FIG. 1 is a block diagram that illustrates an example environment in which High Frame Rate Compatibility (HFRC) systems and methods may be implemented. In particular, FIG. 1 is a block diagram that depicts an example subscriber television system (STS) 100. In this example, the STS 100 includes a headend 110 and one or more video signal receive-and-process (VSRP) devices comprising high frame rate video signal device (“HFRVS”) 200 and non-high frame rate video signal device (“NHFRVS”) 201. NHFRVS 201 may be equipped with functionality to process UHDTV HFR video, while NHFRVS 201 may be able to process UHDTV standard video.

According to embodiments of the present disclosure, receivers, such as VSRP devices 200 and 201 and the headend 110 are coupled via a network 130. The headend 110 and the VSRP devices 200 and 201 cooperate to provide a user with television services, including, for example, broadcast television programming, interactive program guide (IPG) services, VOD services, PVR services, DVR services, and pay-per-view, as well as other digital services such as music, Internet access, commerce (e.g., home-shopping), voice-over-IP (VOIP), and/or other telephone or data services.

The VSRP device is typically situated at a user's residence or place of business and may be a stand-alone unit or integrated into another device such as, for example, the display device 140, a personal computer, personal digital assistant (PDA), mobile phone, among other devices. In other words, the VSRP device (also referred to herein as a digital receiver or processing device or digital home communications terminal (DHCT)) may comprise one of many devices or a combination of devices, such as a set-top box, television with communication capabilities, cellular phone, personal digital assistant (PDA), or other computer or computer-based device or system, such as a laptop, personal computer, DVD/CD recorder, among others. As set forth above, the VSRP device may be coupled to the display device 140 (e.g., computer monitor, television set, etc.), or in some embodiments, may comprise an integrated display (with or without an integrated audio component).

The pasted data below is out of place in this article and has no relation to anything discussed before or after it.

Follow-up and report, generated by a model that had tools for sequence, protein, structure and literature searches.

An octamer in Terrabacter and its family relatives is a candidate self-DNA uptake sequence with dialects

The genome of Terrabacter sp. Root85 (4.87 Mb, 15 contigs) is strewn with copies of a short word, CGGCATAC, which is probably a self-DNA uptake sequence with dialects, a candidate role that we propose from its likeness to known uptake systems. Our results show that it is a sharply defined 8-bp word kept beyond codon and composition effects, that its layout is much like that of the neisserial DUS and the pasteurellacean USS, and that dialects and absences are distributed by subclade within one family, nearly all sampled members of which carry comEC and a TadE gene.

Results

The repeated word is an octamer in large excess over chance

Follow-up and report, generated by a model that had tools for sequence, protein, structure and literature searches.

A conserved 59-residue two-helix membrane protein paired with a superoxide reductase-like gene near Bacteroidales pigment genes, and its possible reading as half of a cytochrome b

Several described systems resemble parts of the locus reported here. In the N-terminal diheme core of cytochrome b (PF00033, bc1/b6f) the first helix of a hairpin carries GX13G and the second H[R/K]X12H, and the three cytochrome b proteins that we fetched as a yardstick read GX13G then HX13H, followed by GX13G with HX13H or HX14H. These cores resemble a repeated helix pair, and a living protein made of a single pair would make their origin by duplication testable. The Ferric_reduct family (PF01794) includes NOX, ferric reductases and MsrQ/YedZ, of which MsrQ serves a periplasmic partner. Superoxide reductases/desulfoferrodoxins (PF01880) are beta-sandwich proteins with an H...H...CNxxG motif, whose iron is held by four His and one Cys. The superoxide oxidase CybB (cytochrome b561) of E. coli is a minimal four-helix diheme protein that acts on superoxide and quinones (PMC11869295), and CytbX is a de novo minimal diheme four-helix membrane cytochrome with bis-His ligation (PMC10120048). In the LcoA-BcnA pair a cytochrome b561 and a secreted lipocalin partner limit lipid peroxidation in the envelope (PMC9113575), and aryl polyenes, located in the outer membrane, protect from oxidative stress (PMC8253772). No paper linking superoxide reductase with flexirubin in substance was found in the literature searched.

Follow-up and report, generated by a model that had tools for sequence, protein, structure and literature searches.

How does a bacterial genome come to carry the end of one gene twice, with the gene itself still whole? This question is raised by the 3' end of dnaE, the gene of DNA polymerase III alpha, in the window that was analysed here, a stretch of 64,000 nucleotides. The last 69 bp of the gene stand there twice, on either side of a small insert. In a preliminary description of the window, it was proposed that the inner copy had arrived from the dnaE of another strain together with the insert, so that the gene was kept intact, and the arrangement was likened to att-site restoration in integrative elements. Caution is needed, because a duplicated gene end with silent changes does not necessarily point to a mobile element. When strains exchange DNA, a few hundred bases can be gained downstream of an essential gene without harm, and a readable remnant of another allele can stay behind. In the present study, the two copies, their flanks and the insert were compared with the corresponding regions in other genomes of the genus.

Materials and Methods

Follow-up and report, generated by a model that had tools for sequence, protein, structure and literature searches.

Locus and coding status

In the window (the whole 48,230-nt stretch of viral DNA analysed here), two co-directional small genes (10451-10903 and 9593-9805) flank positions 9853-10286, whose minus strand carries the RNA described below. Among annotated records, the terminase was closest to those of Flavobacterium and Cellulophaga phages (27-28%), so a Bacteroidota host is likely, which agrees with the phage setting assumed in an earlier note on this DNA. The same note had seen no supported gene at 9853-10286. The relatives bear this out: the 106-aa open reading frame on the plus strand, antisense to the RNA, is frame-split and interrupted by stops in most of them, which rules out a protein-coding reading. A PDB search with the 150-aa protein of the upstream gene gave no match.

The VSRP device receives signals (video, audio and/or other data) including, for example, digital video signals in a compressed representation of a digitized video signal, referred also as a coded video signal, from the headend 110 through the network 130, and provides reverse information to the headend 110 through the network 130.